I'd write about the bars like Onie's and the Bob-In where a 17 year old could drink beer without question. Park's Diner with the marble counters and grill cook Rainey (Rene) who would repeat the order for a hot dog as 'Un chien hot!' Seven stool hamburger joints where customers on the last three stools had to lean forward to avoid bumping the pinball machine taking up most of the floor. The Majestic Lebanese Restaurant presided over by the fearsome Ma Jestic and my girlfriend's famous fight with her over a ten cent check for coffee. The old-fashioned grocery story where clerks waited on customers, the three movie theaters, the ethnic neighborhoods, the slums, the rents, the Two-Penny Bridge with its toll house and live-in toll-taker, the old men with accordion and fiddle and snare drum playing for old French couples in the Exchange Hotel, just down the road from the Silver Dollar where Waterville's imported black guitarist was laying down R & B, just down the road from the Chez Paree where Waterville's imported strippers were doing their thing.

I'd write about the huge elms of Elm City. The Syrian dagwoods and kibbee and Italians and stuffed grape leaves and Sittoo George's pita bread. The trailer truck idling behind the post office--full of pigeon holes and sorting clerks waiting to start their nightly Boston run. The two Catholic Churches side by side, one French, one Irish. The old cars everywhere and not pimped out for some car show, dusty, battered.... The Elmwood Hotel anchoring the upper end of Main St, all wood and wraparound porches, towers, bay windows and wicker rockers.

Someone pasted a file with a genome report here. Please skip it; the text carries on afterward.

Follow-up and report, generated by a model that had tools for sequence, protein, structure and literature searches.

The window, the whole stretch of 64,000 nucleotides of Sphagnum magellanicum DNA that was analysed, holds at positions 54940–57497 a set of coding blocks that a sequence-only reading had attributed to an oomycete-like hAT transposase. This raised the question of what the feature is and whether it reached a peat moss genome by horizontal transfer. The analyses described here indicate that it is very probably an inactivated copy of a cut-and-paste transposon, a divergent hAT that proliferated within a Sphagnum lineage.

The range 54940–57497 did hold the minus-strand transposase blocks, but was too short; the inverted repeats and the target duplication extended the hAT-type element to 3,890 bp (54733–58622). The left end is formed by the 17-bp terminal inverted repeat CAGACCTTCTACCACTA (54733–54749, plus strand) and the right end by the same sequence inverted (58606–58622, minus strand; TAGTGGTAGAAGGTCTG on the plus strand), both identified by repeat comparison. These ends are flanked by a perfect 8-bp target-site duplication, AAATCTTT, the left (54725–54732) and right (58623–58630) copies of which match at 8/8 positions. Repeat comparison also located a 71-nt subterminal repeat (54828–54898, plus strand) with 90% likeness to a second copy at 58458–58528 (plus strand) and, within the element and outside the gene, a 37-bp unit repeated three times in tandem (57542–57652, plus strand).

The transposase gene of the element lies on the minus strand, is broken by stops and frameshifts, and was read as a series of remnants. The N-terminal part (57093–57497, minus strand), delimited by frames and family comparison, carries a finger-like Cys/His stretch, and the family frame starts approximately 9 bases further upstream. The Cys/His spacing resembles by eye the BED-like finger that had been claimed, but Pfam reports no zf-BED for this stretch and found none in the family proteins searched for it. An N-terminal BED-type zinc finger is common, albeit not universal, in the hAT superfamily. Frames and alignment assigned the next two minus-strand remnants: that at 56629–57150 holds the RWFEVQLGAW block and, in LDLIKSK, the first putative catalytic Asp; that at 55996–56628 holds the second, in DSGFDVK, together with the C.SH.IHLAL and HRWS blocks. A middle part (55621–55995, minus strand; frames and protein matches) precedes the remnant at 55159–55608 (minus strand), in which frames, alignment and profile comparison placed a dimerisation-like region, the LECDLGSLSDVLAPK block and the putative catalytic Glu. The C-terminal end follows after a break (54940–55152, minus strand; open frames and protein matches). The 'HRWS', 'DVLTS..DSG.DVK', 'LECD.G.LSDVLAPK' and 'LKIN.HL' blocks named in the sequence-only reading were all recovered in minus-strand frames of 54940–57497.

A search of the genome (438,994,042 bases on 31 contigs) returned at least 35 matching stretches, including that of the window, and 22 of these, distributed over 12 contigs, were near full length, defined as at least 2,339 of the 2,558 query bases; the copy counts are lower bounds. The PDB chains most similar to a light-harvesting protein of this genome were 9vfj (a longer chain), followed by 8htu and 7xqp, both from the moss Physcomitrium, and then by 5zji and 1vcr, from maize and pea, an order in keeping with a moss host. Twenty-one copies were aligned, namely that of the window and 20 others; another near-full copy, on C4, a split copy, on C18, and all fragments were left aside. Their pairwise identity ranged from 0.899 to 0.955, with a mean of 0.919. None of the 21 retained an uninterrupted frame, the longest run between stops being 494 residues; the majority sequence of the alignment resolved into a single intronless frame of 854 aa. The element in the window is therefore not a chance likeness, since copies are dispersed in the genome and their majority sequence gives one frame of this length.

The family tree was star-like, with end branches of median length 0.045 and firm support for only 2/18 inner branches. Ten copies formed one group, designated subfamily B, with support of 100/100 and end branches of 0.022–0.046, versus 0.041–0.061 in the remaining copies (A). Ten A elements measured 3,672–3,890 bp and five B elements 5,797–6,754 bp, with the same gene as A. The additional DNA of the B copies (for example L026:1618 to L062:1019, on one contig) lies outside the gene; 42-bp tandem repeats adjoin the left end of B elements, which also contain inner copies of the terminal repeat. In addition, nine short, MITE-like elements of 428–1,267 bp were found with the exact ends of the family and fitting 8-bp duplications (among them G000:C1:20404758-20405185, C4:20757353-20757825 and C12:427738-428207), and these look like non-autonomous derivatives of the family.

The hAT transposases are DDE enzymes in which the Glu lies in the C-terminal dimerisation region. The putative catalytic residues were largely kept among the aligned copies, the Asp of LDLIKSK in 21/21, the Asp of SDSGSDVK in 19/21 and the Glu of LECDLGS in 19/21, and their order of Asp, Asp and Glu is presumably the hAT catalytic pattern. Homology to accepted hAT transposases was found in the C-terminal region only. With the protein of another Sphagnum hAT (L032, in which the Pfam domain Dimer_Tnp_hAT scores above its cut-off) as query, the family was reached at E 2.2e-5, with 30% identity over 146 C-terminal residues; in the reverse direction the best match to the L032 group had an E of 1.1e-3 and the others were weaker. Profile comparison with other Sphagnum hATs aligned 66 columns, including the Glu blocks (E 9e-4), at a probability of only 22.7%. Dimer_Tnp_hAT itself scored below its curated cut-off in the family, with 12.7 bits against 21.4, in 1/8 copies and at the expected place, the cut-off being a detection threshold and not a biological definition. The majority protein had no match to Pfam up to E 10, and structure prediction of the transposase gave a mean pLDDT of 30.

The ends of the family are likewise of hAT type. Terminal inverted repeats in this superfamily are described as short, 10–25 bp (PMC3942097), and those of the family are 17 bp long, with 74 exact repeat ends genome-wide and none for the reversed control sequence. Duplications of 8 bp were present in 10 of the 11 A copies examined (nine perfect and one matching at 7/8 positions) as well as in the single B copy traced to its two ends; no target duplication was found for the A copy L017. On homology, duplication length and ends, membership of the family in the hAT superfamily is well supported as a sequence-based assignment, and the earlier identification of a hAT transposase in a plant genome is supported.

The shifts changing at Hathaway Shirt, two streams of women moving in opposite directions. The workmen with their lunchpails shuffling over the Two Penny Bridge to Scott Paper in Winslow. The printers at the Waterville Morning Sentinel putting the paper to bed and hitting the bars on Silver St just before last call. The Carpenters' Union Hall, second floor above Waterville Hardware, with its amazing inlaid woodworking, walls, floor, ceiling. The guys who worked all year in machine shops in Connecticut, saving for their two week vacation run to the motorcycle races in Laconia, digging their ancient Harleys out of their dad's barns in Oakland and Unity.

All of this and more flooded my mind, felt so self-indulgent. I liked the topic and I could probably jazz it up so you, the audience, could sift out a little connection with the material, a little interest. But it would be uphill work for you and for me. It's not an obvious topic a reader would fall in love with, and there was no obvious way to style it.

So I decided to go with a piece I thought everyone could relate to some way or another, even if only with dread and loathing. You might not fall in love with it, but you probably could not ignore it either.

The other reason I went with it is because it's an oddball style. I originally wrote it for ENG 162, the week where we did linked vignettes. It does a lot to 'alienate' readers: it offers no background, leaves it to the audience to figure out who these people are and what their relationship is, explains almost nothing, jumps from moment to moment without neat transitions, and ends on a peculiar note....

But sometimes being a bit mysterious, not answering questions, not dotting every i can be effective. Contrast this to 'Blizzard.' There, I held the reader's hand every step of the way. I explained the who, why, where, when, what, and how.

In 'Surgery' I let go of your hand, demand more of you, let you get a bit frustrated, ask irritable questions to yourself--I try holding my audience that way.